Laporan ini juga menjejak semula asal-usul yayasan sebagai wadah khas untuk “dana rahsia” dari 1980-an ketika politik wang mulai muncul di bawah tajaan korporat dan samaran penswastaan sebagai sebahagian daripada keseluruhan dasar untuk mempercepatkan perindustrian negara dan memastikan pembentukan komuniti komersial dan industri bumiputera (BCIC) (ms. 5).

Sebagai contoh, konsesi (iaitu, pemberian kontrak kerajaan) diberikan secara langsung kepada proksi swasta terpilih yang mana benefisiari atau pemilik sebenarnya adalah parti pemerintah Umno ketika itu.

Oleh itu, seperti juga adanya GLC yang digunakan untuk menyalurkan sumbangan dana, terdapat juga syarikat berkaitan Umno (ULC) yang berfungsi sebagai saluran untuk sumber dana rahsia parti itu. Dari amalan sebegini yang melibatkan hubungan antara politik dan perniagaan (korporat), yayasan-yayasan juga terjerat dalam orbit naungan politik.

Sebagai ulasan ringkas, menurut laporan itu, pengajaran yang dapat diambil daripada kes-kes mahkamah yang sedang berjalan melibatkan golongan elit pemerintah yang terkemuka, antara lain, adalah:

• salah guna yayasan keluarga yang dikendalikan sebagai penyorok yang sesuai untuk kepentingan peribadi;

• memegang kuasa mutlak ke atas yayasan dalam kapasiti mereka sebagai ahli kabinet;

• tiada ketelusan sepenuhnya, mis., tiada perlakuan audit;

• dalam kebanyakan kes, sumbangan derma tidak pun digunakan untuk tujuan politik parti yang tulen, mis., untuk menampung kos kakitangan sepenuh masa dan perbelanjaan lain; dan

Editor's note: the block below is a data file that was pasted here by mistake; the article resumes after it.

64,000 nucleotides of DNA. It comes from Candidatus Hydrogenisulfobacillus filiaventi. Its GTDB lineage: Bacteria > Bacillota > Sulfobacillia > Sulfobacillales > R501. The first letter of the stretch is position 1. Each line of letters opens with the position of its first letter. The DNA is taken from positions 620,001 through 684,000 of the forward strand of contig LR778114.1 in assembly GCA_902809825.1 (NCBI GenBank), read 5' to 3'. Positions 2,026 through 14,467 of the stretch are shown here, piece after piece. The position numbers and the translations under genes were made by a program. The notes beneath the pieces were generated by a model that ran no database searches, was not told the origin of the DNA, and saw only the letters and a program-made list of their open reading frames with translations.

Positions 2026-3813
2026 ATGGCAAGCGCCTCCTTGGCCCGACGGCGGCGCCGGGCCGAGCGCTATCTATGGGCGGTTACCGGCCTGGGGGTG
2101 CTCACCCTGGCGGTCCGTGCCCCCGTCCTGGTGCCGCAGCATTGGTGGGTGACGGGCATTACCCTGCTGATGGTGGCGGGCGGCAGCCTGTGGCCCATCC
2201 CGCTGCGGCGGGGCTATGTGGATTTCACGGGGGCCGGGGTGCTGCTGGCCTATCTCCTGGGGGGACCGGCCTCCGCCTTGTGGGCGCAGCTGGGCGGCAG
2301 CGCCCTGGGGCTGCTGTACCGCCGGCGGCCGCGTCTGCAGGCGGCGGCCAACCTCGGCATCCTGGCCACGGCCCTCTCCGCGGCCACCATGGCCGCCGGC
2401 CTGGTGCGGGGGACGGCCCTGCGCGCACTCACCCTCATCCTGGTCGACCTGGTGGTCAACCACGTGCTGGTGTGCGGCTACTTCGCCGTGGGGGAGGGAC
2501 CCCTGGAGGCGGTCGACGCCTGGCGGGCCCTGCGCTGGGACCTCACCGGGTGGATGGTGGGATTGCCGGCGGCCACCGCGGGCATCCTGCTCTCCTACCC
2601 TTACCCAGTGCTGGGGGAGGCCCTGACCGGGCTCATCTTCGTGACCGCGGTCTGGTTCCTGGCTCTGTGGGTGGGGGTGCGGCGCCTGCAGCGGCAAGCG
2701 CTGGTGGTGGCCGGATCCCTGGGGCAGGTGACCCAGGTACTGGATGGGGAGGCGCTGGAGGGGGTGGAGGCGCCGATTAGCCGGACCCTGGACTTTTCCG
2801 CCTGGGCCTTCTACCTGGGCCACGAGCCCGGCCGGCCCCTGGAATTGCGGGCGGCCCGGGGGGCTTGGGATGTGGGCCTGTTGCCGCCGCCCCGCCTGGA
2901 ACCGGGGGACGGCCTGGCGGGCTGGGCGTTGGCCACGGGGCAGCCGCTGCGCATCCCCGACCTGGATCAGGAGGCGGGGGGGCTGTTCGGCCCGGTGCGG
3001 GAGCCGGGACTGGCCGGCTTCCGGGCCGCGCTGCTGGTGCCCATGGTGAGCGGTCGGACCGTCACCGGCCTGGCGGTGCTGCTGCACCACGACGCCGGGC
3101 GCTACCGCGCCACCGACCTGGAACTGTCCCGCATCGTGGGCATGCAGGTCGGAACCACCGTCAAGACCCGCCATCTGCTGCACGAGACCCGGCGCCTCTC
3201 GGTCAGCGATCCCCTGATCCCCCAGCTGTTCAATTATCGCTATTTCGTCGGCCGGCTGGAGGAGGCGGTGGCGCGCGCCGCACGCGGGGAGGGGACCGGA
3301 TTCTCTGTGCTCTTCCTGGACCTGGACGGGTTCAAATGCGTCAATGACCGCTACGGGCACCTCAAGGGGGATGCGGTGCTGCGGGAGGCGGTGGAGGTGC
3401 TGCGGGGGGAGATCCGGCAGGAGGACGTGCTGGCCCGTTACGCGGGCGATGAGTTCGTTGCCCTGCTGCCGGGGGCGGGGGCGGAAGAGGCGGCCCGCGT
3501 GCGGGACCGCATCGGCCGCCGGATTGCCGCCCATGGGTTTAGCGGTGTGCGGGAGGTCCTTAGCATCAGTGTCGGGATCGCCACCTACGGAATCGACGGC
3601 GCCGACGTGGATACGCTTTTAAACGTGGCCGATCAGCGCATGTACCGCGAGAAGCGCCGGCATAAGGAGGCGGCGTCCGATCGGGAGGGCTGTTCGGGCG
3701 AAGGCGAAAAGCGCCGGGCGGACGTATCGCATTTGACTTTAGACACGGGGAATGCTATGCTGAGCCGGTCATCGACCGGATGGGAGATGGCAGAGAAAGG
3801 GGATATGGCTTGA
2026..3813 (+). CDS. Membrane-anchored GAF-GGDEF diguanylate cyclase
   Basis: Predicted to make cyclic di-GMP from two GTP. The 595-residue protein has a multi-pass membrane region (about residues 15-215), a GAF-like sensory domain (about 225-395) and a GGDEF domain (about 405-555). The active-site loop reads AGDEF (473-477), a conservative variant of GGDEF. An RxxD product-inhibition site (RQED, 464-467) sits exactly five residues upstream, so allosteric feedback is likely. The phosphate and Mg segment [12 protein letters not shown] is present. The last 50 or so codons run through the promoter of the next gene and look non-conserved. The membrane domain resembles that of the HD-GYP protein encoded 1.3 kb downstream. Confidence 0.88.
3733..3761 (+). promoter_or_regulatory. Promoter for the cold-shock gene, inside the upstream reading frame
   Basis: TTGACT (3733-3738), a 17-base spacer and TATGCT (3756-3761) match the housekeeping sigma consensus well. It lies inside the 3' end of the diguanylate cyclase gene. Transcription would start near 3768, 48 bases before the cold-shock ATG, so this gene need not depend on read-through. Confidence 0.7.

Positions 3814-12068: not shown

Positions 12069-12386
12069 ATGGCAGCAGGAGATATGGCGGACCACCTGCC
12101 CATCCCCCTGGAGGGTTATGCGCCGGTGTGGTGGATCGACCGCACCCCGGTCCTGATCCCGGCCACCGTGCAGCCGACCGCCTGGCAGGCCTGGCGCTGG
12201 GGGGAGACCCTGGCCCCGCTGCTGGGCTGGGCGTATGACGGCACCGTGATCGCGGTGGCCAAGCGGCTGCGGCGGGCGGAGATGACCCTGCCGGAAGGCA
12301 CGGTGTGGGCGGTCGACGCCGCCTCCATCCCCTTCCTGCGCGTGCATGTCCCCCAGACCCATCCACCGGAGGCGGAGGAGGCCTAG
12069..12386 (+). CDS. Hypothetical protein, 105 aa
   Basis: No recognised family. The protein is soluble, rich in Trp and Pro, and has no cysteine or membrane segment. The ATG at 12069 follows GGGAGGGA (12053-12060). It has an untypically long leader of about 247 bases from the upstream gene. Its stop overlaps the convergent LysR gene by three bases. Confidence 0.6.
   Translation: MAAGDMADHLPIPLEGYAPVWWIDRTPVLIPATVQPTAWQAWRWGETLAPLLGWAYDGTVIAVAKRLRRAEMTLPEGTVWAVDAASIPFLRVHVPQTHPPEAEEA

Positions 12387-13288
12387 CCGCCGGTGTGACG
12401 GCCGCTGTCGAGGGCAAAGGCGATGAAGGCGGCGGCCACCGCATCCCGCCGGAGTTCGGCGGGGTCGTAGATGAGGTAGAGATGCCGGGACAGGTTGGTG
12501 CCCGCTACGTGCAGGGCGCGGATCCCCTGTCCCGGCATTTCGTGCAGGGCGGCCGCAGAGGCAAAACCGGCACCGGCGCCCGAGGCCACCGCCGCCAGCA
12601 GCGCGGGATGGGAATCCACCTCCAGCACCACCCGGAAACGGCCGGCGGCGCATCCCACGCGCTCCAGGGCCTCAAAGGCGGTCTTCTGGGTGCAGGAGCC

• kecuali ahli politik yang berkenaan, ahli parti yang lain tidak mengetahui kewujudan sumbangan tersebut.

Dan kalau pun bukan begitu, pengetahuan terhad/terbatas dan tidak merangkumi penjejakan dan pengesanan perbelanjaan berikutnya. Ini bermaksud bahawa dana rahsia mungkin berpunca daripada unsur rasuah. Dengan kata lain, dana tersebut bukan merupakan sumbangan derma pada mulanya tetapi mempunyai tujuan quid pro quo atau rasuah (mendapatkan manfaat melalui pemberian wang tunai).

Kita perlu bergerak ke arah membudayakan pendanaan politik yang lebih telus walaupun kita tidak dapat mengharapkan, secara realistik, pembasmian sepenuhnya amalan dan budaya “perniagaan memberi sumbangan kepada politik”, termasuk paling tidak dalam konteks yayasan.

Oleh itu, masalahnya adalah amalan rasuah dan, dengan itu, cara terbaik adalah mengawal dan mengurangkan penyalahgunaan.

Kes-kes mahkamah telah menunjukkan bahawa kita hanya memerlukan iltizam dan tekad politik untuk mendakwa kesalahan tersebut. Sudah tentu, pencegahan lebih baik daripada mengubati. Oleh itu, mungkin jauh lebih baik untuk:

• hadkan jumlah yayasan (mis., hanya maksima tiga) yang dapat ditubuhkan dan dikendalikan ahli politik, ahli keluarga dan individu yang berkaitan dengan (ahli) politik;